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Golden Globes

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The musical “ Les Miserables ” picked up three Golden Globes on Sunday night, including for best musical or comedy, lead actor for Hugh Jackman and supporting actress for Anne Hathaway.

Jackman’s win for playing Jean Valjean in the epic musical based on Victor Hugo’s novel was seen as something as an upset, because Bradley Cooper was seen as a favorite for his role as a bipolar young man in the quirky romantic comedy “Silver Linings Playbook.”

Daniel Day-Lewis won lead actor for playing the nation’s 16th president in “Lincoln.” Steven Spielberg’s historical epic went into the ceremony leading with seven nominations. Until Day-Lewis, the historical epic has been shut out.

Jessica Chastain won for her role as a CIA operative who helps track down Osama bin Laden in “Zero Dark Thirty.” Earlier in the evening, Ben Affleck won a standing ovation, and a Golden Globe, for directing “Argo” — a bit of vindication, perhaps, for being overlooked for an Oscar nomination for the film about a CIA plot to rescue Americans trapped in Iran in 1980.

Since he was snubbed by the movie academy last week, he has won the Critics’ Choice Movie Award for best director for the film as well.

Affleck followed Jodie Foster, who took to the stage to give a … retirement speech? A coming-out speech? It was hard to tell. She was receiving the Cecil B. DeMille Award for lifetime achievement when she ramped up to confess that she was single …  and seemed to sidestep directly addressing any questions about her sexual orientation.

Her acceptance speech at the 70th annual awards was also a rant in favor of privacy that brought many people to its feet. Foster noted that she has lived virtually her entire life in the public eye yet wanted to keep some things private. “I have given everything up there from the time I was 3 years old,” she said. “That is reality enough.” (Memo to Foster: Nothing will destroy an attempt at privacy like telling the world you want to keep your life private.)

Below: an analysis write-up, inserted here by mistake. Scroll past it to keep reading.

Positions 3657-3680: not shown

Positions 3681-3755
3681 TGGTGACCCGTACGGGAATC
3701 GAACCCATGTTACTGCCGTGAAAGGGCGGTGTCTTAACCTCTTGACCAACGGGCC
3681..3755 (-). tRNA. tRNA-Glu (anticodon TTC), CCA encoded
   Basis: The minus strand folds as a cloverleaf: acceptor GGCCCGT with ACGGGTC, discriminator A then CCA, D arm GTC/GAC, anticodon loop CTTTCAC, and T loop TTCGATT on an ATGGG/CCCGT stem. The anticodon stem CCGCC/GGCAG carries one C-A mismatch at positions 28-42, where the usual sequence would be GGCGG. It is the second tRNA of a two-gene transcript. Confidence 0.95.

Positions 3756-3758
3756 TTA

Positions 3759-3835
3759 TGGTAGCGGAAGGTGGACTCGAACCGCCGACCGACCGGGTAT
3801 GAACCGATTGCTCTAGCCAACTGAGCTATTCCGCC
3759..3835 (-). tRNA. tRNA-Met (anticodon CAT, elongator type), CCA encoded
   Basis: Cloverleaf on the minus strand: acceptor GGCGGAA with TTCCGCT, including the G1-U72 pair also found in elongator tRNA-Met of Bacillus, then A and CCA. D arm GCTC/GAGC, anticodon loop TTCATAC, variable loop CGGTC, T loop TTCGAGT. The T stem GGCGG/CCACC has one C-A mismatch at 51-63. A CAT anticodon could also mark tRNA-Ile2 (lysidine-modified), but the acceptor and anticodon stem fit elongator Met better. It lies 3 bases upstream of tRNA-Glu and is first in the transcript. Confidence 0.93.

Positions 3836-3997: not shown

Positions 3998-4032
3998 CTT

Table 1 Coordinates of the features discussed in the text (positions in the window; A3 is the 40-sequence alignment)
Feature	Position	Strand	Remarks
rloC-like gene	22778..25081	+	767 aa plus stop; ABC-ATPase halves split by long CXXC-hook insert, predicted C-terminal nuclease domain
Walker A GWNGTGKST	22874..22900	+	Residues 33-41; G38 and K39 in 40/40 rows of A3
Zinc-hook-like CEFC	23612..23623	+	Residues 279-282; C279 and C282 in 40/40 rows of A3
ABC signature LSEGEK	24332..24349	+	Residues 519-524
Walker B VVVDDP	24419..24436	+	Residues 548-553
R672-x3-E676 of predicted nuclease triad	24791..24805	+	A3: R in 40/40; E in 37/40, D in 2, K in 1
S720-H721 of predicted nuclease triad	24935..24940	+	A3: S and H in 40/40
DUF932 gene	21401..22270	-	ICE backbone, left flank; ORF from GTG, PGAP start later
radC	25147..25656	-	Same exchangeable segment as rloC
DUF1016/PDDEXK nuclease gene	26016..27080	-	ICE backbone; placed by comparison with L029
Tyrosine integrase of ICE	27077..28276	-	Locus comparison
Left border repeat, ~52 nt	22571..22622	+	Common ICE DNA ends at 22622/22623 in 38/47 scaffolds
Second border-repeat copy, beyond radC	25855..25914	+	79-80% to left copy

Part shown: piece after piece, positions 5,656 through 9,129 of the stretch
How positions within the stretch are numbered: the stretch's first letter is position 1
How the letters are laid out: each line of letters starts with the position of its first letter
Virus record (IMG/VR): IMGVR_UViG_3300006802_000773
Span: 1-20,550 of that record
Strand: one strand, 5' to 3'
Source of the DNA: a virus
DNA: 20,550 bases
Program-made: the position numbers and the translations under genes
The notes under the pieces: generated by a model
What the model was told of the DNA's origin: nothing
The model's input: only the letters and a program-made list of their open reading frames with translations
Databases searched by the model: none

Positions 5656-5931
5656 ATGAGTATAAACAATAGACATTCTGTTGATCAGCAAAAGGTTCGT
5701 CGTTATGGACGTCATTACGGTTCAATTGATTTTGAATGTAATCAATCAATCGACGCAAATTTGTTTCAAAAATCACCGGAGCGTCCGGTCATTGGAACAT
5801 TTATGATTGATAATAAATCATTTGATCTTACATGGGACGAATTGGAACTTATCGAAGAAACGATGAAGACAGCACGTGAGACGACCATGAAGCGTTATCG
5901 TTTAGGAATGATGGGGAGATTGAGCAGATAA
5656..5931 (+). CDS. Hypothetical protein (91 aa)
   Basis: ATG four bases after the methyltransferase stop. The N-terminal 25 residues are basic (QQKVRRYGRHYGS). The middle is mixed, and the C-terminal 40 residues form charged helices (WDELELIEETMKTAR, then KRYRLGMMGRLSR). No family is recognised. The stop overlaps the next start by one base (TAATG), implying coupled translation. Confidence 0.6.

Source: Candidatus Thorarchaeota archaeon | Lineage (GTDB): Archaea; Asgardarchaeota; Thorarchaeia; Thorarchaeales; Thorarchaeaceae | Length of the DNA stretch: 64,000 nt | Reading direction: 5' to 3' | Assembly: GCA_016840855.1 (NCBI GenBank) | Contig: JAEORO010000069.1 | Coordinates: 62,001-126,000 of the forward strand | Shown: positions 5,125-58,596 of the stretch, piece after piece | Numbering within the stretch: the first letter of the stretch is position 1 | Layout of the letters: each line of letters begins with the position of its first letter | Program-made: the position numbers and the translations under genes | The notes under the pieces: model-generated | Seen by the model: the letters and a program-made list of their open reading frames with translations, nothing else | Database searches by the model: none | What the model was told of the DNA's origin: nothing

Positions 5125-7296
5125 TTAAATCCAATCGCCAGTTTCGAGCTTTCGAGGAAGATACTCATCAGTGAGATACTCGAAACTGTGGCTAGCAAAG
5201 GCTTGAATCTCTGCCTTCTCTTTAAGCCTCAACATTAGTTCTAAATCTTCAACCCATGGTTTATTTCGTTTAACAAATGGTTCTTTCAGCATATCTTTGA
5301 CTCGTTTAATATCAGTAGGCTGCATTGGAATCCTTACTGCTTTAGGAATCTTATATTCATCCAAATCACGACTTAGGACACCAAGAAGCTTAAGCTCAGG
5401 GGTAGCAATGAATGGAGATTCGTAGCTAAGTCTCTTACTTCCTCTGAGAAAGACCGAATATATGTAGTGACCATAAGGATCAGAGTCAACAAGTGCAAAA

She did thank her ex-partner and co-parent, Cydney Bernard, and suggested that she was embarking on Act 2 of her career. In some ways in sounded like a retirement speech. She seemed to say that from now on, she will only take projects that tap into her creativity.

Earlier in the evening, maverick filmmaker Quentin Tarantino was a surprise screenplay winner for “Django Unchained,” his controversial spaghetti Western set during the slavery era, beating out such favorites as the writers of “Zero Dark Thirty,” “Lincoln,” “Argo,” and “Silver Linings Playbook.”
“Wow, I wasn’t expecting this,” said an effusive Tarantino. “I’m happy to be surprised.”

Tarantino’s win meant one more loss for Steven Spielberg’s “Lincoln,” which had gone into the ceremony leading with seven nominations. So far, the historical epic has been shut out.

Meanwhile, Anne Hathaway sang her way to a Golden Globe for supporting actress in a movie as the tragic Fantine in the musical “Les Miserables.”

With her pixie haircut and tasteful white gown, Hathaway was reminiscent of a young Audrey Hepburn, charming viewers as she thanked her co-stars, family and friends — and had a special thanks for Sally Field, nominated in the same category for “Lincoln.” She noted that Field forged a career that resisted typecasting — something Hathaway has struggled with as well. Field had played the Flying Nun on TV but went on to play Norma Rae and, more recently, Mary Todd Lincoln.